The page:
Exercise pain is something most people are aware of when they have exercised or otherwise strained the body. Exercise pain is harmless and goes away on its own within a few days.
The headaches are usually felt by most during the first two days. The pain shows up after the workout, and pain during the workout itself is often a sign of something else. If you get hurt during a workout, especially more severe pain, it is a sign from the body that something is wrong.
Symptoms of exercise pain
Exercise pain usually manifests itself through a few different symptoms in the overloaded muscles:
- Temporary weakness in the muscles
The symptoms tend to show up especially when stretching or getting pressure on the muscle. Exercise pain is usually not felt when the muscle is in a resting position.
Why do you get a headache?
You get exercise pains when you overload one or more of the body’s muscles. Most often, heavy workouts involve dealing with the body in an unusual way, for example by doing exercises you have not done before. It can also occur when you increase the load by, for example, lifting heavier or running longer. Since exercise pain is about the above load in terms of what you are used to, both well-trained and untrained people can get it.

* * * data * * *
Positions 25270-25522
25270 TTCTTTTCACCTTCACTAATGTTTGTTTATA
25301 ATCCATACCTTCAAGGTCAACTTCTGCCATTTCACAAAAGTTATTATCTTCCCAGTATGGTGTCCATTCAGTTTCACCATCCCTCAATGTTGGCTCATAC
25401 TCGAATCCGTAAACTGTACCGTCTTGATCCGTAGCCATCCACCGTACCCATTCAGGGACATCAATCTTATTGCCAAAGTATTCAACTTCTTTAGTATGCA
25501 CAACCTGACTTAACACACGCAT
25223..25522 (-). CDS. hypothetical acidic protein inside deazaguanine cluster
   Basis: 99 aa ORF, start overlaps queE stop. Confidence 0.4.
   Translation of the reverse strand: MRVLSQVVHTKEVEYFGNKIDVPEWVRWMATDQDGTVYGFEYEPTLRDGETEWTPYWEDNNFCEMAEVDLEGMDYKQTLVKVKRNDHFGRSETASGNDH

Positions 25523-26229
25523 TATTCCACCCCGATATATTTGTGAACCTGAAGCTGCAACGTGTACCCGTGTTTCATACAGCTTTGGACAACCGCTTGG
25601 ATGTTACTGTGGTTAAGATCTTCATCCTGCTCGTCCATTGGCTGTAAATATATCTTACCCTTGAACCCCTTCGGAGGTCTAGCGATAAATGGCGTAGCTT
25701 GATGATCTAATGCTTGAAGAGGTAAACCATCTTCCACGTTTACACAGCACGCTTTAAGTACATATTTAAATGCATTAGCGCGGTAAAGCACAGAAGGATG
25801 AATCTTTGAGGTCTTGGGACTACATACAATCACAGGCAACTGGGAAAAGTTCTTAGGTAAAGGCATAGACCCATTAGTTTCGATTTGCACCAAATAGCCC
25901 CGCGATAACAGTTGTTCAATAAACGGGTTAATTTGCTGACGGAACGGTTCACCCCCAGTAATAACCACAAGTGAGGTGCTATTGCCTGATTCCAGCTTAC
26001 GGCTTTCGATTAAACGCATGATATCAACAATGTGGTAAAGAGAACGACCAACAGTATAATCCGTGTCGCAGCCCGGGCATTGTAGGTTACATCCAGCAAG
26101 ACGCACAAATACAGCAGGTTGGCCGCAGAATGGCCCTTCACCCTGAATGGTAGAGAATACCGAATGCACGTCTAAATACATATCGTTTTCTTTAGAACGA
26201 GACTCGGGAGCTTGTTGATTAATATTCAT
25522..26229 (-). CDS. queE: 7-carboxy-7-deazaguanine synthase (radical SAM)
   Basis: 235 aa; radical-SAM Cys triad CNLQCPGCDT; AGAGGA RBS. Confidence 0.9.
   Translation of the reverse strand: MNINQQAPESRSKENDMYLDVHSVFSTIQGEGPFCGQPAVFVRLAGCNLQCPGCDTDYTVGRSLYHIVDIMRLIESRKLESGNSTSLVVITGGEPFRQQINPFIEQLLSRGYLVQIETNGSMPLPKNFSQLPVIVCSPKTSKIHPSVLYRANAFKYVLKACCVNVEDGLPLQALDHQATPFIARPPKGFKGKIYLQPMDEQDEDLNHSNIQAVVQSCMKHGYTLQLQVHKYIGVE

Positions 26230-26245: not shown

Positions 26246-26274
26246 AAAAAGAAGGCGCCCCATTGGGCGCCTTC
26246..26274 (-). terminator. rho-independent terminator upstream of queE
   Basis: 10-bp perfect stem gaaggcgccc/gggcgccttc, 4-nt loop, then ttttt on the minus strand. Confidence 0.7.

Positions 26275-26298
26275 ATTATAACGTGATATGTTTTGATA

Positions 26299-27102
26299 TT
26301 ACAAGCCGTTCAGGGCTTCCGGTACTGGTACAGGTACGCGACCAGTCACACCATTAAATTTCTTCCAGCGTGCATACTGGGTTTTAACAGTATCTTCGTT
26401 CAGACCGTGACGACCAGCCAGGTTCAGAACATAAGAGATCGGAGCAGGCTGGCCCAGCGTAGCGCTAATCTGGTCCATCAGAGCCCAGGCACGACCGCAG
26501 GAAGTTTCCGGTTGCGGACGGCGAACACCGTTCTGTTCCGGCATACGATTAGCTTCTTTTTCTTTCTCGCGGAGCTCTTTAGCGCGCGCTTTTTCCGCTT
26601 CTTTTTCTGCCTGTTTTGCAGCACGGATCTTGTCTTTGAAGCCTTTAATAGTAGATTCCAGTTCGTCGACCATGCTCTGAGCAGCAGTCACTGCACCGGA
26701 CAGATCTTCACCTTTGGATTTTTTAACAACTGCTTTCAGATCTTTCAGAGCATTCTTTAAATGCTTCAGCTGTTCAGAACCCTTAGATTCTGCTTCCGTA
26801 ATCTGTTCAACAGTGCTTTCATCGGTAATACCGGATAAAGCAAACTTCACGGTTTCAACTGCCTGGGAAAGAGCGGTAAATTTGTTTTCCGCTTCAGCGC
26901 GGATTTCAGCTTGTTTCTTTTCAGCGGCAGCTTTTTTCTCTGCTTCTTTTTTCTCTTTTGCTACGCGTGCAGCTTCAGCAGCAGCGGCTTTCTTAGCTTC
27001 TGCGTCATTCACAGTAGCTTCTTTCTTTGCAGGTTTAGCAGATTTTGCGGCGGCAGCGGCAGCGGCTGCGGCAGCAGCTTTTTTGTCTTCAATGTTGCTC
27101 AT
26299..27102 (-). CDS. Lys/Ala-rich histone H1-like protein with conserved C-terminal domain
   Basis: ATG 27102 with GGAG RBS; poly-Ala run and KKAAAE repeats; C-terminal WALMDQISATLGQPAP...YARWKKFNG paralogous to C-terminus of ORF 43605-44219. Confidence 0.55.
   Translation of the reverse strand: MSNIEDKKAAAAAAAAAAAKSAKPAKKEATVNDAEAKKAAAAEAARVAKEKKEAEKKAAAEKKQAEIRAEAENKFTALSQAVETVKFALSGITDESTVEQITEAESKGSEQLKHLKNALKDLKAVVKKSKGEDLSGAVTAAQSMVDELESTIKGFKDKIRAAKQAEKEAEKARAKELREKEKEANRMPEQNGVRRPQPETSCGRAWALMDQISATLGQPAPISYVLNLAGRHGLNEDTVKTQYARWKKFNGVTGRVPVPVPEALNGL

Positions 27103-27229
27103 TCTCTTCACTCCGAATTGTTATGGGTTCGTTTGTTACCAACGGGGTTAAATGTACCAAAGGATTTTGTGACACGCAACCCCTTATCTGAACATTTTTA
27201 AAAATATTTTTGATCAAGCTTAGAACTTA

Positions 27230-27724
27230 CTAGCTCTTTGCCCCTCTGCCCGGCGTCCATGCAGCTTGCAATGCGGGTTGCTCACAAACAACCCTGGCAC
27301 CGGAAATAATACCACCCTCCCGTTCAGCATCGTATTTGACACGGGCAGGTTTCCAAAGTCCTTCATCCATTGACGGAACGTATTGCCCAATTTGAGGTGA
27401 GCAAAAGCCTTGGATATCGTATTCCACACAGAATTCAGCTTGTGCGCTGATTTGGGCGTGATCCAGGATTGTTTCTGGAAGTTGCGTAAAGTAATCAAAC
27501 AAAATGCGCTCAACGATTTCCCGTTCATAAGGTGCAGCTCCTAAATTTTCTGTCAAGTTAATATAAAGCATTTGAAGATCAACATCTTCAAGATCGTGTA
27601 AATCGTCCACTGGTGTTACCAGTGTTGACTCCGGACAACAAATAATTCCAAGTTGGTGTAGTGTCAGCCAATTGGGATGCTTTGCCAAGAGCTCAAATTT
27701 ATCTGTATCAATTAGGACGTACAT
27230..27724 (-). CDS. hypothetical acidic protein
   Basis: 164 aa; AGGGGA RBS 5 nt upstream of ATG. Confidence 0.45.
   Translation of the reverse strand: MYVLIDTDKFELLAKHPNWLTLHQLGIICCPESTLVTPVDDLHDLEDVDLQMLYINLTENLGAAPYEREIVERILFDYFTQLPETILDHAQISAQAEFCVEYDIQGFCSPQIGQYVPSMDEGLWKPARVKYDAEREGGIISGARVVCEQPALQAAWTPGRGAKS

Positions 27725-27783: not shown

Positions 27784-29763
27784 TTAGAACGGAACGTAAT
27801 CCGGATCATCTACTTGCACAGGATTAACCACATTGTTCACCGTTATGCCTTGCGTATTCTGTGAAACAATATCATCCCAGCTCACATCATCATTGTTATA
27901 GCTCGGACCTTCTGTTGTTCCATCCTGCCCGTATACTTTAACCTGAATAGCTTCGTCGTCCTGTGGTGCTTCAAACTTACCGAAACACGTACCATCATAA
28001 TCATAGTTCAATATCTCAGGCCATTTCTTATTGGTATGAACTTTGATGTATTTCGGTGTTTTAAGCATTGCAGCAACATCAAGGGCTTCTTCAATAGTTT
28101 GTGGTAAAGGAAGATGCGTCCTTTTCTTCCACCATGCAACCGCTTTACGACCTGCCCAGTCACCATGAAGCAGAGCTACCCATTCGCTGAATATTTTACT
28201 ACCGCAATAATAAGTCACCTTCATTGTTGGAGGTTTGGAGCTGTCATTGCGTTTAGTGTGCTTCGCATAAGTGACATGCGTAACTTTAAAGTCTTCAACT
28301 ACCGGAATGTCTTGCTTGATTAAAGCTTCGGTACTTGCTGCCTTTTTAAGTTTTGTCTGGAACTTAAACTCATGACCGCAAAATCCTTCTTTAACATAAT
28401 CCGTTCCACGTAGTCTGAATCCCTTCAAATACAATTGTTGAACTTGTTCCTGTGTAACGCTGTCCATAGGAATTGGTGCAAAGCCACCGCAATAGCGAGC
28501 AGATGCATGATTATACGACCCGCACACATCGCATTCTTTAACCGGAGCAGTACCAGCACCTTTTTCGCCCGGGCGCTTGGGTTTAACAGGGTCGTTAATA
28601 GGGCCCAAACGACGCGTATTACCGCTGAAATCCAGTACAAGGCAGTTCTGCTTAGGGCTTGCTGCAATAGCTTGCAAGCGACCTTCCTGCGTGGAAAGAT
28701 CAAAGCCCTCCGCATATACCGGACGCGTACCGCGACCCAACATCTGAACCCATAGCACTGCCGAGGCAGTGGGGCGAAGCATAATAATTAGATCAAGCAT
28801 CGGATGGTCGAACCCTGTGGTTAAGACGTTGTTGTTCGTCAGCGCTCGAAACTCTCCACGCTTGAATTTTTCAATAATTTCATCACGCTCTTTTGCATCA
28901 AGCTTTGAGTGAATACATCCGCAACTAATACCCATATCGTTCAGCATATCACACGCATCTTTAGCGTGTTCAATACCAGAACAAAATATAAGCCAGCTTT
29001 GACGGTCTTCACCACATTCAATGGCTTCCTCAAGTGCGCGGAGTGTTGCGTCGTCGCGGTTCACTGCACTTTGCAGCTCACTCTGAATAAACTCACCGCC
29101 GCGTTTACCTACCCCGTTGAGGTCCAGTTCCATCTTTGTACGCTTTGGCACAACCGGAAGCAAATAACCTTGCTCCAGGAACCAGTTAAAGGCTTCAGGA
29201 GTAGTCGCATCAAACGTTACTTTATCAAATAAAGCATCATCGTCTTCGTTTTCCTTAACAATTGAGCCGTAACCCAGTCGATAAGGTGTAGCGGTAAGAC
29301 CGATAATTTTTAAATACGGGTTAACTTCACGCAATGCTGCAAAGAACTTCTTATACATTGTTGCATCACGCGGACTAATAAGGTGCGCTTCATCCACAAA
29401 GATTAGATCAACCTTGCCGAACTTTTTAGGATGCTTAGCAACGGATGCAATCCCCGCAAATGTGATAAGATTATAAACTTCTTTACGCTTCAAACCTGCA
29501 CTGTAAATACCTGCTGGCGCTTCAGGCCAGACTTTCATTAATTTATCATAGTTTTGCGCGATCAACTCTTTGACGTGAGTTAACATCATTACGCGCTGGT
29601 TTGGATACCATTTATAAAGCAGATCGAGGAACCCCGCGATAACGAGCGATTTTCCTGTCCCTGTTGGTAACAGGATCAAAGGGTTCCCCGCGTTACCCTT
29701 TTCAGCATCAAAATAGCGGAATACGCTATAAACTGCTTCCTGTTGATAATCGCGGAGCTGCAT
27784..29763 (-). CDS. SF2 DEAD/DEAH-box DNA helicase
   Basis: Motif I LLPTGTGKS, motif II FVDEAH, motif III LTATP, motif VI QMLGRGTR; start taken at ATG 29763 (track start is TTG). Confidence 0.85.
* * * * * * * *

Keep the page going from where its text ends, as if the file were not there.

When you get a headache, small bursts occur in the cells of the muscles and changes in the fibers of the muscles. The loaded muscle changes to adapt to the load. That is why you often get significantly less workouts the next time you do the exercise.
Exercise pain often comes after so-called eccentric exercise. Eccentric exercise means that a muscle is loaded in a slowing motion, for example on the way down into a squat or when you land after jumping from a terminal. The muscles are subjected to more stress in these movements, which leads to more exercise pain.
Avoid getting exercise pains
The best way to avoid exercise pains is to gradually increase their load and give the body time to get used to it. Regular exercise also reduces the risk of getting workouts. If you have experienced headaches, massage and easier exercise can relieve the pain.
It is a myth that stretching would have a positive effect on exercise pain. However, stretching and other mobility training have other positive effects. It can increase mobility and performance while reducing injury risk. Warming-up does not reduce the risk of exercise pain, but it can, however, be a good way to protect yourself from injuries and to prepare mentally for exercise.
Do you need to seek care?
You do not need to seek care when you have exercise pains as it goes over on its own. If the pain persists after a week or worsens over time, you can contact a health care center.